Treatment of Geographic Atrophy with Intravitreal Sirolimus
To evaluate the efficacy and safety of sirolimus, an immunosuppressive drug, for the treatment of age-related macular degeneration (AMD)–associated geographic atrophy (GA).
Randomized, controlled, single-masked multicenter phase II clinical trial of intravitreal sirolimus versus sham therapy in Age-Related Eye Disease Study 2 (AREDS2) clinical centers.
Patients with GA.
Participants were assigned randomly to a monthly intravitreal injection of sirolimus (20 μL [440 μg]) or sham treatment. Best-corrected visual acuity (BVCA), spectral-domain OCT, fundus color photography, and fundus autofluorescence (FAF) images were obtained at baseline and every 6 months until visit month 24.
Main Outcome Measures
Rate of progression of GA (square millimeters per year) measured on color fundus photographs from baseline to 24 months. Secondary outcome measures include change in BVCA, worsening of vision by 3 lines or more, and changes in area of GA measured on FAF and OCT.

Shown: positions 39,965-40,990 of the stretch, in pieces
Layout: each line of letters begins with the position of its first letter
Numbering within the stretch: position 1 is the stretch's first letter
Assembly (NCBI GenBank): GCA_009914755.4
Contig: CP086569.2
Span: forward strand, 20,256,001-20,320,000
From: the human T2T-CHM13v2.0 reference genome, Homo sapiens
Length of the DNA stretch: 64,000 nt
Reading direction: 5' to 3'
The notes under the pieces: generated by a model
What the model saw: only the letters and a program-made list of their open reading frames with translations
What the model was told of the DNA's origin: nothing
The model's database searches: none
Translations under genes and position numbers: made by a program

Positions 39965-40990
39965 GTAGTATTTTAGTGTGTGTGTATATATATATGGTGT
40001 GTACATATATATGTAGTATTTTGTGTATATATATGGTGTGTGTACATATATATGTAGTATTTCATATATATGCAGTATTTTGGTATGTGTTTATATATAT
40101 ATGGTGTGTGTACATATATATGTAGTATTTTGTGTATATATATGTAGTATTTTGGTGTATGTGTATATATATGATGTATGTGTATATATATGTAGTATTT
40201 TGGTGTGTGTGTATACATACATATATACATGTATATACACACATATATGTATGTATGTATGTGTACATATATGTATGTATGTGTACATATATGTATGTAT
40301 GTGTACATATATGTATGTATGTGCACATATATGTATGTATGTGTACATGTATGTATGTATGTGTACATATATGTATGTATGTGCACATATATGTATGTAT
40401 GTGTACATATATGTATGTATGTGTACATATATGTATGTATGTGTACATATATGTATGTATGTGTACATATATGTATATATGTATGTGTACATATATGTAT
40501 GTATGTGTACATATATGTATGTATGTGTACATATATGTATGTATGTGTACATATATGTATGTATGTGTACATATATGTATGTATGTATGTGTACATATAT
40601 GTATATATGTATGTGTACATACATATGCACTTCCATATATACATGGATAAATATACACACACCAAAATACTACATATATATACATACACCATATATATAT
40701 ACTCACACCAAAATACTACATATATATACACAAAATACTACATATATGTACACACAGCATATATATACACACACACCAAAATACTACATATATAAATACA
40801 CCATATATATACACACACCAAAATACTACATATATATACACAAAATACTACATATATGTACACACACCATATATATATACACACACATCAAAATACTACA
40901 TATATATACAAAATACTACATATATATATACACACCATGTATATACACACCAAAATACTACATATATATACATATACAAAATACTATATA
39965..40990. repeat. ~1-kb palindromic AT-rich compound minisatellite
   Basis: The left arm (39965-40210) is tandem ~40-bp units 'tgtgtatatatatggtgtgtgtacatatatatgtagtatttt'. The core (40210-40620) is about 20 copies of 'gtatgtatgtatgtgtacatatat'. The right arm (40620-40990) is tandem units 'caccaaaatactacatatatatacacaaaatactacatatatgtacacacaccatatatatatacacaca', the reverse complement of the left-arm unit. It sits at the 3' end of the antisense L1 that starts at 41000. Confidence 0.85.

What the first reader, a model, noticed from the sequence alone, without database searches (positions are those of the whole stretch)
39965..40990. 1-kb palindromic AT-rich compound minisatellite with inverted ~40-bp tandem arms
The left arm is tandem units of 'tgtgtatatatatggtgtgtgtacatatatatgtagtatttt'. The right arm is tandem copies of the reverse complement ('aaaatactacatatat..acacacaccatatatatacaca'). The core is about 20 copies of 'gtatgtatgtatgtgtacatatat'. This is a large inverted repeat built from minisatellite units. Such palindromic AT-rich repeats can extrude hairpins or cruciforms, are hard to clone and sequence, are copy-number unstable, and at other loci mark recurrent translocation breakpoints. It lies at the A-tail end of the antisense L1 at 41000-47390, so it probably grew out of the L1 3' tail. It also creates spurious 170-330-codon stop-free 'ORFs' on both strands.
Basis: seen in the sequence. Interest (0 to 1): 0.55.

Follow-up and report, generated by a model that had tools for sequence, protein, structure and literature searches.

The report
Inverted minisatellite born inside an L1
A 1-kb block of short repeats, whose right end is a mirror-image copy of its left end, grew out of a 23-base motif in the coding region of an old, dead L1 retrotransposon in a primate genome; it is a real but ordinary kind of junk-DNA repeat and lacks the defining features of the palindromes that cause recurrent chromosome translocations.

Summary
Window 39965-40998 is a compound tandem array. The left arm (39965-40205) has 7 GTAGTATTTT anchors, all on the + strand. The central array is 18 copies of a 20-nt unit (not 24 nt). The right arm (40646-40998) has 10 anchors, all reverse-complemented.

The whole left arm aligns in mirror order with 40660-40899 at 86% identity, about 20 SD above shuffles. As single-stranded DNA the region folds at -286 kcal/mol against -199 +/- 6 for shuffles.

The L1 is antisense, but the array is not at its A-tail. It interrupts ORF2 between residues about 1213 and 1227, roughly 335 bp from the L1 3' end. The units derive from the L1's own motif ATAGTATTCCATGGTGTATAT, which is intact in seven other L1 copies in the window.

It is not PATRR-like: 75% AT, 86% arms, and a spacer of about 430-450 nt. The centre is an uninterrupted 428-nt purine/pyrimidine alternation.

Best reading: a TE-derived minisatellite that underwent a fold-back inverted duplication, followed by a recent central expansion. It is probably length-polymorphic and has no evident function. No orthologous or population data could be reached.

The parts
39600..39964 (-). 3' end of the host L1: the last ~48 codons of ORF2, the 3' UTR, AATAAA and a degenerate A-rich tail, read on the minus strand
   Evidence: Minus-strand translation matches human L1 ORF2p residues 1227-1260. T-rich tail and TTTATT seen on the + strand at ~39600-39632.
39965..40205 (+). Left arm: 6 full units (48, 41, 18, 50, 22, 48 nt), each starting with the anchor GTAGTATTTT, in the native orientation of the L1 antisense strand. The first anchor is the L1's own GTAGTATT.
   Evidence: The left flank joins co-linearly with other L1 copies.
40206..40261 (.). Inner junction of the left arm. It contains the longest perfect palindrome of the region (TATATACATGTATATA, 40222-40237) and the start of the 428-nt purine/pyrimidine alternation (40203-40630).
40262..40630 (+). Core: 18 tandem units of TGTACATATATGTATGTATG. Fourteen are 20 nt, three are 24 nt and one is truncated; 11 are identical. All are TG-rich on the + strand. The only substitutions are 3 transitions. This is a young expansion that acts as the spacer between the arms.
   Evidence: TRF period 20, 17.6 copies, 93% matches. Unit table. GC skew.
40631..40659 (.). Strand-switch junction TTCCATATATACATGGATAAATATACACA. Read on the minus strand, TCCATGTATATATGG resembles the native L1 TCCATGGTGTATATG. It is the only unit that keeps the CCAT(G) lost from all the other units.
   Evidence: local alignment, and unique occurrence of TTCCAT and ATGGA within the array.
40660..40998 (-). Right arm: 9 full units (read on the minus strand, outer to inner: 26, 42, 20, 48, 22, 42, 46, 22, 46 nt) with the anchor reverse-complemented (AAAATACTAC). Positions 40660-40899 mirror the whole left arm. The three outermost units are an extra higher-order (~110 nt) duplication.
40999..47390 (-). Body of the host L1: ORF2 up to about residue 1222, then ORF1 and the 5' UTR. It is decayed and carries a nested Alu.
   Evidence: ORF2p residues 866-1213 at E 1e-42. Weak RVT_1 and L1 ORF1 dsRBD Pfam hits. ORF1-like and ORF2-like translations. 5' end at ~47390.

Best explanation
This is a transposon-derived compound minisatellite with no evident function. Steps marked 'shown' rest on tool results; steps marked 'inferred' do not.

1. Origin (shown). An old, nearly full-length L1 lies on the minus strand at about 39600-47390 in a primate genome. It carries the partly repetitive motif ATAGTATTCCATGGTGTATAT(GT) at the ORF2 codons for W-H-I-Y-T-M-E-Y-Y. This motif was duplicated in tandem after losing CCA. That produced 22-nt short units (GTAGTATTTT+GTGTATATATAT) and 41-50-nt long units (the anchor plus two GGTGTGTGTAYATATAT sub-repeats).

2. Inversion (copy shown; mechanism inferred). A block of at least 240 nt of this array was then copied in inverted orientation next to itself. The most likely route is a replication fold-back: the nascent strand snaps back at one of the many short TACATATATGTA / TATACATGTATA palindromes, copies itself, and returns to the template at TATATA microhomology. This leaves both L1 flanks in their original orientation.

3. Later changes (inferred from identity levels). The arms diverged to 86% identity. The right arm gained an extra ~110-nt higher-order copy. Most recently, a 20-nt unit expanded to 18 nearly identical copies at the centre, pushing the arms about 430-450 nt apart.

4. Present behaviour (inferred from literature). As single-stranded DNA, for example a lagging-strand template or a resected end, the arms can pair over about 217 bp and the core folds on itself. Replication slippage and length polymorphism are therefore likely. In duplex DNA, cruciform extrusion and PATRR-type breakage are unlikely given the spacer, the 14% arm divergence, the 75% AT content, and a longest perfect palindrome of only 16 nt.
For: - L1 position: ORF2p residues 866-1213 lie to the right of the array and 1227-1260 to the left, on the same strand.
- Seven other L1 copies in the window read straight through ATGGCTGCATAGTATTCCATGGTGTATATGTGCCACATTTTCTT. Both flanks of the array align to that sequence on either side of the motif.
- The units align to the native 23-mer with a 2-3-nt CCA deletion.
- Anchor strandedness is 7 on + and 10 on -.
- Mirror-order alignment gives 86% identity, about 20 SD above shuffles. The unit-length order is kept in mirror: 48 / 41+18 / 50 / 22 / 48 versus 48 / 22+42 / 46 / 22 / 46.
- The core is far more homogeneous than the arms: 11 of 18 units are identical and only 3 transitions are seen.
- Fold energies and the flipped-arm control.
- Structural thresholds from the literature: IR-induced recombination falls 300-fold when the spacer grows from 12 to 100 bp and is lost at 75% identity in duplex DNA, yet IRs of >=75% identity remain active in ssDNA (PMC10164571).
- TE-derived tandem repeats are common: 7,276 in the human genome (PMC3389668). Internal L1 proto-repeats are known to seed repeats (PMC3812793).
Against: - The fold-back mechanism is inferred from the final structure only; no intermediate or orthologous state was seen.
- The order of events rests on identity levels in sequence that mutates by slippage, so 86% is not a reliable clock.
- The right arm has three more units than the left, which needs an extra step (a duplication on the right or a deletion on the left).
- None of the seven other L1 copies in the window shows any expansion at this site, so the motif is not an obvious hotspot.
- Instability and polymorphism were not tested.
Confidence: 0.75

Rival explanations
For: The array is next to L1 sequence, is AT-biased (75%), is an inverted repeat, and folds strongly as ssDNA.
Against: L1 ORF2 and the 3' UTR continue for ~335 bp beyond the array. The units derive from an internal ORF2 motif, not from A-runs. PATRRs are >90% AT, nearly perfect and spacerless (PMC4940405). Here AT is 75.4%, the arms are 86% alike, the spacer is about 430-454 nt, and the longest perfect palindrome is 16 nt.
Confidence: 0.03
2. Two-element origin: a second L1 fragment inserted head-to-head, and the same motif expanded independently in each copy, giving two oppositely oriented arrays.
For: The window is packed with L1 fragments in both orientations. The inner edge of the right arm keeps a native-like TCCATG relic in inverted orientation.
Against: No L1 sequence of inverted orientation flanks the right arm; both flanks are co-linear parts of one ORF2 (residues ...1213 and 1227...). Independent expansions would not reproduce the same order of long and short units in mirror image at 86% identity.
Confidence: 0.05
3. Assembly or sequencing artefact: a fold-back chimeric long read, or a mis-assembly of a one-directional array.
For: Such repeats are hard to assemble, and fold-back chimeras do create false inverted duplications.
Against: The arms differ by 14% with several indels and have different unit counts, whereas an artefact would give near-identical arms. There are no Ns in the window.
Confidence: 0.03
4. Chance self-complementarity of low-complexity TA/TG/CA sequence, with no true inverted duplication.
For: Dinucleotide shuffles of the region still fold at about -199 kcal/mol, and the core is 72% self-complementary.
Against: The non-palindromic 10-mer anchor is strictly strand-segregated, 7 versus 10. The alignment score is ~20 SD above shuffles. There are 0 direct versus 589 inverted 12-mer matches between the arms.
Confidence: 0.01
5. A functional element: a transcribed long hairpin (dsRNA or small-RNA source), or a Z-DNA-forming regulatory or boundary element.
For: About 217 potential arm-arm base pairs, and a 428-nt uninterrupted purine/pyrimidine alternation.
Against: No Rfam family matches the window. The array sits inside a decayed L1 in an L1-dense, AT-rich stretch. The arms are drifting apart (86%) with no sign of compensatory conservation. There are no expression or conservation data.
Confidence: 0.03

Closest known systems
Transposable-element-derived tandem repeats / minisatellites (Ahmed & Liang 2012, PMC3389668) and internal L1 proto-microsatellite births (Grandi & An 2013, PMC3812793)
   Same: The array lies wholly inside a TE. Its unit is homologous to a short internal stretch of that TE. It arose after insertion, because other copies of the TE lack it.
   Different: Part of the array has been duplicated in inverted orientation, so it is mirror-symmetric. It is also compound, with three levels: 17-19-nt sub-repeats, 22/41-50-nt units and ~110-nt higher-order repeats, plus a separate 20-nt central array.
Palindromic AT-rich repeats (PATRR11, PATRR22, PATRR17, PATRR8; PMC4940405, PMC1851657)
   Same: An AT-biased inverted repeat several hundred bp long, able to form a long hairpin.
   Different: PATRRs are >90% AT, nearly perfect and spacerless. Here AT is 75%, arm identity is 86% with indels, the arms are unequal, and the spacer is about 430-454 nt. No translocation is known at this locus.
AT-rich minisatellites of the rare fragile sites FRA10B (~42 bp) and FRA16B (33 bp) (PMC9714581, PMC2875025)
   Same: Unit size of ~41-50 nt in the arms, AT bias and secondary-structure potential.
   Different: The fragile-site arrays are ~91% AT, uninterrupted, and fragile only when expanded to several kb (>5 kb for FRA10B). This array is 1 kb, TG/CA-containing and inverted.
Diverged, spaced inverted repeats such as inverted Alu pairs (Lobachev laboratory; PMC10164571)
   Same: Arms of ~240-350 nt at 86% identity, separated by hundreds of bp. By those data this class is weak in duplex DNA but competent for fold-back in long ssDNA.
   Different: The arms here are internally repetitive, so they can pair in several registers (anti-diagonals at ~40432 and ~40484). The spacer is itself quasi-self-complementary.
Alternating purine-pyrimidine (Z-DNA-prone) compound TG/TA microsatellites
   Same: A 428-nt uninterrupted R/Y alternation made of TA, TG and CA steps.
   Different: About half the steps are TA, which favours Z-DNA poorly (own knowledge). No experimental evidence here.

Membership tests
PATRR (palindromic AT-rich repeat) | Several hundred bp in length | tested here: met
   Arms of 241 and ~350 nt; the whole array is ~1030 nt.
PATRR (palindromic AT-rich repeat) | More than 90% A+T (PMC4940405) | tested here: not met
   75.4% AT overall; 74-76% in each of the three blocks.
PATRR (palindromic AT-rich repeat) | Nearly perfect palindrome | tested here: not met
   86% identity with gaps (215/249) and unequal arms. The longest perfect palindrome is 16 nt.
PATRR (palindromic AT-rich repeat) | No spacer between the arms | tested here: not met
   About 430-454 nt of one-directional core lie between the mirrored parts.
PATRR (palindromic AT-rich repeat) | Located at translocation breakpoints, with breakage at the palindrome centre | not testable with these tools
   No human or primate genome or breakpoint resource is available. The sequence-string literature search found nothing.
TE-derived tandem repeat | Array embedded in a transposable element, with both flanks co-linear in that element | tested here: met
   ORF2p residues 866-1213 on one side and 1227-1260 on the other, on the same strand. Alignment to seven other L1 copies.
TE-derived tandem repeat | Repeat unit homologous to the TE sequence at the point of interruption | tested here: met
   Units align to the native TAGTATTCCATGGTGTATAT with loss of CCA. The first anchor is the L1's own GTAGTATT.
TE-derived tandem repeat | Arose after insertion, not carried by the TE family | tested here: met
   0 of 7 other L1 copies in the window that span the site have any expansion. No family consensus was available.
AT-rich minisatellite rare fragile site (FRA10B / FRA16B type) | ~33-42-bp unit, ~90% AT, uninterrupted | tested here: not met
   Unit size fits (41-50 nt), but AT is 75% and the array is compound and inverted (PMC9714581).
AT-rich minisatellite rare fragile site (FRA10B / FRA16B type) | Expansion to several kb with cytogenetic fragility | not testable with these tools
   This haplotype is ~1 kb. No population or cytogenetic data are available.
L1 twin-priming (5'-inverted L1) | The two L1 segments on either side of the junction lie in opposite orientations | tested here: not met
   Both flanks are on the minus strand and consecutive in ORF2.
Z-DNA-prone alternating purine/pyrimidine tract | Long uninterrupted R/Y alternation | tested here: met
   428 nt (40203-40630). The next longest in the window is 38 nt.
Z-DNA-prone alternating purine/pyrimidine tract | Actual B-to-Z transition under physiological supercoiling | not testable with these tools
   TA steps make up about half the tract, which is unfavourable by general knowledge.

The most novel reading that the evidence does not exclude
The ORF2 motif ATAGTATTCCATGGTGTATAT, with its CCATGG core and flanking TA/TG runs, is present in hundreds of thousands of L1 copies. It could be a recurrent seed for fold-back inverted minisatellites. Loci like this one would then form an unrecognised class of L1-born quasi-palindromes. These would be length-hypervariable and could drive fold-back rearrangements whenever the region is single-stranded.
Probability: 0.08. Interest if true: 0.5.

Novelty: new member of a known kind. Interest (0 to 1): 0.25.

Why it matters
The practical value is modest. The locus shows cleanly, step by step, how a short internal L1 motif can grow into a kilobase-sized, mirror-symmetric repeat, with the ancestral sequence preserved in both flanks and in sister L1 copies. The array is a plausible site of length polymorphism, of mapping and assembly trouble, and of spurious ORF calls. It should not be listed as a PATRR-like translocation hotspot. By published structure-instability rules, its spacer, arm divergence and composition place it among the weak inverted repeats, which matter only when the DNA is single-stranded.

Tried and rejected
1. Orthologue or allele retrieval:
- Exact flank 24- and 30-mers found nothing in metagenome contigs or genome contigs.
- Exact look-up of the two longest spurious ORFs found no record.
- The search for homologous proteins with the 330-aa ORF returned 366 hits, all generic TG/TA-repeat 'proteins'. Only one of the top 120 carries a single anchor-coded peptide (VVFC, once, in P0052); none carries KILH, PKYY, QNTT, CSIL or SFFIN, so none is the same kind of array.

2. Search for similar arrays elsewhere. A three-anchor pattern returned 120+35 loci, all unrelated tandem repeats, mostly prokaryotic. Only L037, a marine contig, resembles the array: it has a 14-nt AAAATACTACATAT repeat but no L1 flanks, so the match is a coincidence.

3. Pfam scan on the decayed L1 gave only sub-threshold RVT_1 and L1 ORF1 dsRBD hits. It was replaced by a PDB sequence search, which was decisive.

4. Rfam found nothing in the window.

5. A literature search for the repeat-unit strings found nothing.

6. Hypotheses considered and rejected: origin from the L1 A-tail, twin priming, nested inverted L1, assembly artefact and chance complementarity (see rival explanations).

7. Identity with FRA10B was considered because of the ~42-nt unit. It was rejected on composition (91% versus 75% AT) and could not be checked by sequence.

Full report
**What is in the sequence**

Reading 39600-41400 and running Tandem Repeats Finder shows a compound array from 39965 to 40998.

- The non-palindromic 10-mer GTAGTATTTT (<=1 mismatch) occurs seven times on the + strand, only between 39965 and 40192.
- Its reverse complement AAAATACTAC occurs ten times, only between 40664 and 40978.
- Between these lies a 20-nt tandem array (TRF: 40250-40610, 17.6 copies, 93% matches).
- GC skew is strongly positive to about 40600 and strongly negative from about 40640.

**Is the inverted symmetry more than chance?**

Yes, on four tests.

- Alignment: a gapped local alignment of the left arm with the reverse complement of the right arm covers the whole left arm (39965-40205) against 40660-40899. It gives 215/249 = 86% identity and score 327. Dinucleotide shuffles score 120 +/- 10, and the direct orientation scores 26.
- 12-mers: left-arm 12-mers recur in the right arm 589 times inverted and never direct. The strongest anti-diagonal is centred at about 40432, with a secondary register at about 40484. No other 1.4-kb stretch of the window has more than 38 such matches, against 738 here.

Fifty-two participants (mean age, 79 years) were enrolled, with 27 study eyes assigned to sirolimus from May 2012 through March 2014. The baseline median area of GA was 4.73 disc areas (DA; 12.01 mm2). The mean growth rates of GA detected on color fundus photographs were 2.27 mm2 (standard deviation [SD], 2.17 mm2) and 1.91 mm2 (SD, 2.27 mm2) at month 12 and 4.94 mm2 (SD, 2.96 mm2) and 5.72 mm2 (SD, 3.97 mm2) at month 24 for the sirolimus and sham groups, respectively. There was no statistically significant difference in the GA growth rates between the 2 treatment groups (P = 0.33). Median visual acuity changes and incidence of 15-letter loss from baseline were not different between the 2 treatment groups (P = 0.19). The intervention was stopped early because of sterile endophthalmitis that occurred in 3 participants in the sirolimus group. Participants were followed up for safety until the study was closed in May 2015 because of lack of efficacy.
Sirolimus did not result in different rates of GA growth in this phase II study. Immunosuppression may be important for some stages of the AMD process, but may not necessarily be the main pathway for the development of GA.